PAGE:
Stoner Again

It is the most marvelous discovery for everyone who loves literature. Ian McEwan

Stoner by John Williams is a great favorite of mine. The novel isn’t widely read in this country. In contrast, Steve Almond reports (Times 4/11/14) that last year it topped the best seller list in Europe. It was prominently displayed in every bookstore I visited in Europe this summer. And a recent review by Keith Oatley may spark some interest in this country.

Although Oatley, like everyone else recognizes how depressing the novel is, he admires Williams’ skill in describing Stoner’s deep feelings, even occasional joy in spite of the tragedies in his life. “…Williams has a strong sense of the importance of actually telling us the subtleties of what Stoner is feeling; he is not embarrassed to call emotions by their names and to linger over them…”

I have read the novel twice and blogged about it each time and will no doubt read it again. After my first reading I wrote that it was one of the saddest novels I’ve ever read. It is also, as one reviewer put it a perfect novel, so well told and beautifully written, so deeply moving, that it takes your breath away.” Another called it a “joy to read.”

William Stoner was raised on a farm in Missouri that was a constant struggle to maintain. He entered college to learn modern agricultural techniques. Early on he was so profoundly moved by a course on Shakespeare that he decided to change his studies to literature.

“But the required survey of English literature troubled and disquieted him in a way nothing had ever done before.”

“The love of literature, of language, of the mystery of the mind and heart showing themselves in the minute, strange, and unexpected combinations of letters and words, in the blackest and coldest print—the love which he had hidden as if it were illicit and dangerous, he began to display, tentatively at first, and then boldly and then proudly.”

After completing graduate studies he became a teacher of English at the University of Missouri. From the beginning though he found it difficult to establish himself in the department and gain the respect of his students and colleagues.

Stoner never advanced beyond the assistant professor level, although there were times when he was a rather popular teacher. Yet he was held back by a bitter dispute with another member of the department who also had the power to expose a close and deeply felt relationship Stoner had with one of his students.

“Lust and learning, Katherine [the student] once said. That’s really all there is, isn’t it?”

His life took few truly happy turns. His marriage soon grew stale: “In his forty-third year William Stoner learned what others much younger, had learned before him: that the person one loves at first is not the person one loves at last, and that love is not an end but a process through which one persona attempts to know another.”

After he dies, Stoner is scarcely remembered by those in his department: “Stoner’s colleagues, who held him in no particular esteem when he was alive, speak of him rarely now; to the older ones, his name is a reminder of the end that awaits them all, and to the younger ones it is merely a sound which evokes no sense of the past and no identity with which they can associate themselves or their careers.”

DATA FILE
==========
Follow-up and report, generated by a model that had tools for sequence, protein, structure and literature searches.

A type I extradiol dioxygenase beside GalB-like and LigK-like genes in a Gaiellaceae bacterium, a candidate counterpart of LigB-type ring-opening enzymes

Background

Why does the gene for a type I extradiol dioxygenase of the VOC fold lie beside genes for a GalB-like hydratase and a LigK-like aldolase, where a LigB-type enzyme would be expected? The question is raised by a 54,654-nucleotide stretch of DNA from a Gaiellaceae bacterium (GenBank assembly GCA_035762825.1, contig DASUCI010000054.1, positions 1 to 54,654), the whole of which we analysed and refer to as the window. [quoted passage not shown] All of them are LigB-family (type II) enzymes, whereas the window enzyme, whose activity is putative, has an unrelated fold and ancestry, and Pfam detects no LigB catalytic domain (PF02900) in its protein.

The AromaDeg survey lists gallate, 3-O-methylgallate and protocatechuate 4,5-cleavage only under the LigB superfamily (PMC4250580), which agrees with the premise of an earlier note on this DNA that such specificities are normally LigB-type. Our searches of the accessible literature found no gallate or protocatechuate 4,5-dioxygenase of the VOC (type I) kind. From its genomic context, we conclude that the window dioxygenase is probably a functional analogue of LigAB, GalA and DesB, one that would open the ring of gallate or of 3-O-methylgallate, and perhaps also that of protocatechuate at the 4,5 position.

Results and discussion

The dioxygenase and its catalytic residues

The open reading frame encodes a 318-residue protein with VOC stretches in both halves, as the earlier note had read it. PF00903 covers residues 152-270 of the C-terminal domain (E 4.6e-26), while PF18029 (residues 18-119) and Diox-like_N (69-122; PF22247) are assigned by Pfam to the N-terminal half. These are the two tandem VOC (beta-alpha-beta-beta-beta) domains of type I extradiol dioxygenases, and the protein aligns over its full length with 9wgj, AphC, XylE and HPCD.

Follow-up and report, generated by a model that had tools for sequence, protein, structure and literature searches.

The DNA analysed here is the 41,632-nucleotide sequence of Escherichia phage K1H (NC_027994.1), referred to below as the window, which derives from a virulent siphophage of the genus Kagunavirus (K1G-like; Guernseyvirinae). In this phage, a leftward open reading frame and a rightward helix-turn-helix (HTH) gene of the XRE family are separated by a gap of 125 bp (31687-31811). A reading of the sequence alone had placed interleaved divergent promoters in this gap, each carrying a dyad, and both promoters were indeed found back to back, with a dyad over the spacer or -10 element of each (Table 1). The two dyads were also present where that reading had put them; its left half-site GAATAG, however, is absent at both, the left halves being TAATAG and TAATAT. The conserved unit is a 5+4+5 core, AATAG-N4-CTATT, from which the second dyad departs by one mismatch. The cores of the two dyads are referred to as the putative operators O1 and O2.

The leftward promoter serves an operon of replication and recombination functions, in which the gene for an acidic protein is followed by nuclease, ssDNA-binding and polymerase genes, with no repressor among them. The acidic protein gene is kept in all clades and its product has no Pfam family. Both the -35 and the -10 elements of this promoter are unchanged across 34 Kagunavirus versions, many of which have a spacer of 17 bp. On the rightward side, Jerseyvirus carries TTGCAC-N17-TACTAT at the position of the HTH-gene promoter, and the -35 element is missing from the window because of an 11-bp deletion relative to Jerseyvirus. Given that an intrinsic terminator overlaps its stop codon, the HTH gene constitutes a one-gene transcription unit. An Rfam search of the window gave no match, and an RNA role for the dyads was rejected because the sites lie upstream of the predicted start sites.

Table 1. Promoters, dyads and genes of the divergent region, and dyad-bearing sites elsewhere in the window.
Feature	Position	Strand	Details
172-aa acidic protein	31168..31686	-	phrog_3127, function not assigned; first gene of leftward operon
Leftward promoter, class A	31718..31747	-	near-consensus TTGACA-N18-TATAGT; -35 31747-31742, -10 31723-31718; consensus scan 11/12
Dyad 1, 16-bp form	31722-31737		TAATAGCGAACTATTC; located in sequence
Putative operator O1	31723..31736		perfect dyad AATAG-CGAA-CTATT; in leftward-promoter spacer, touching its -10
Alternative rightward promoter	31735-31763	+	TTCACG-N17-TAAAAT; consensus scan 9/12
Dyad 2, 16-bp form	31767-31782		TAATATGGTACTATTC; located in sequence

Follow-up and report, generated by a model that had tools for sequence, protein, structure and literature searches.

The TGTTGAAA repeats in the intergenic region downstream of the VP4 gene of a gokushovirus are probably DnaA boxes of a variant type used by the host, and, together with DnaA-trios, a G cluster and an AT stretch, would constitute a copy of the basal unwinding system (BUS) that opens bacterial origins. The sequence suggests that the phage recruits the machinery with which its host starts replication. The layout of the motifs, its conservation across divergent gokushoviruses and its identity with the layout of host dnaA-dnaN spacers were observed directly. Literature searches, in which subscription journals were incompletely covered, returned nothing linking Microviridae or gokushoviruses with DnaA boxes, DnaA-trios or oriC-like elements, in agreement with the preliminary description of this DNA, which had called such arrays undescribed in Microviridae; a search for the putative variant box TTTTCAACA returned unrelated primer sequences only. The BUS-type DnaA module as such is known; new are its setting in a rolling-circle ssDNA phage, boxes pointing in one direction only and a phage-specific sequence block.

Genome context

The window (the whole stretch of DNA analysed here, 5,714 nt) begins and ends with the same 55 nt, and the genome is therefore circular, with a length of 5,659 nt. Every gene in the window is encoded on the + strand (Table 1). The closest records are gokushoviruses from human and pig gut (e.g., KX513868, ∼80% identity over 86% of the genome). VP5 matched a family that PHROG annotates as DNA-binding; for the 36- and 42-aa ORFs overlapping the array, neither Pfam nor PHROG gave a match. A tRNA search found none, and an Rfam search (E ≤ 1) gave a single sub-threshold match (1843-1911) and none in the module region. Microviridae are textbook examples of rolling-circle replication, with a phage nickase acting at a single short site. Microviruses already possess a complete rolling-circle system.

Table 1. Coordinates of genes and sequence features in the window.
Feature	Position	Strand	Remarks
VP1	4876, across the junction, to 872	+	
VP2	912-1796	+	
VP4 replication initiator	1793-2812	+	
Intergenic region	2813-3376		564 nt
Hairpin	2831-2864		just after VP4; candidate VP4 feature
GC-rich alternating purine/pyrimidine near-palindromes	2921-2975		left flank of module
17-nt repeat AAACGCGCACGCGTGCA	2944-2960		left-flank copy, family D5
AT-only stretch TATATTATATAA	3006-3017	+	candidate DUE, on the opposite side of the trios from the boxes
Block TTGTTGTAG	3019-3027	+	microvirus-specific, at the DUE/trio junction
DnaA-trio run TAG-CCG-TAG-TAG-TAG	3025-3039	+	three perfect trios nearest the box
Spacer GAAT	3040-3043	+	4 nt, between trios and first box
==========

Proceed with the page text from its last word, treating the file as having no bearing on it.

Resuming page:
Stoner wanted so much out of life. He loved his work, the books he treasured in the library and the great pleasure in spending hours there, he cherished the joy that literature brought to his life. And yet he knew that “what he wished was impossible, and the knowledge saddened him.”

He knew that it was the love of a thing that was essential and that he truly loved the life he led. He knew that without that kind of devotion no one would ever achieve any degree of distinction. He never abandoned this belief and so through it all he had retained to the full his integrity.

Stoner seems rather passive in tackling head on his misfortunes and, in his review, Oatley complains that he sits back, takes his punches and hasn’t a clue to how to overcome them. He asks: “If reading literature does not allow us to more clearly, or more economically, or more thoroughly, or more compassionately think through and take action in our life, what good is it?” An excellent question.

After my second reading I was led to wonder why we don’t hear more about Stoner? I don’t think I’ve ever met a person who has read it or seen more than a handful of commentators write about.

C. P. Snow’s explanation is that “…we live in a peculiarly silly age and it doesn’t fit the triviality of the day.” Earlier he said, “Very few novels in English, or literary productions of any kind, have come anywhere near its level for human wisdom or as a work of art.”

There is something else about Stoner that led me to feel similarly moved. It has nothing to do with its structure or how it was written or the fact that Stoner’s life in the university bore a certain similarity to my own. Rather it was the way in which literature transformed his life, gave him a new life and identity.

“His teaching excels not because he is brilliant of creative, or flashing—none of which he is, as the novel shows—but because he is witness to such a consciousness and is dedicated to the literature that has brought it into being and because he demands much of his students.”

Note: In an interview a few years before he died, John Williams said he viewed Stoner as a "real hero." A lot of people who have read the novel think that Stoner had such a sad... life. I think he had a very good life...He was doing what he wanted to do, he had some feeling for what he was doing, he had some sense of the importance of the job he was doing. He was a witness to values that are important.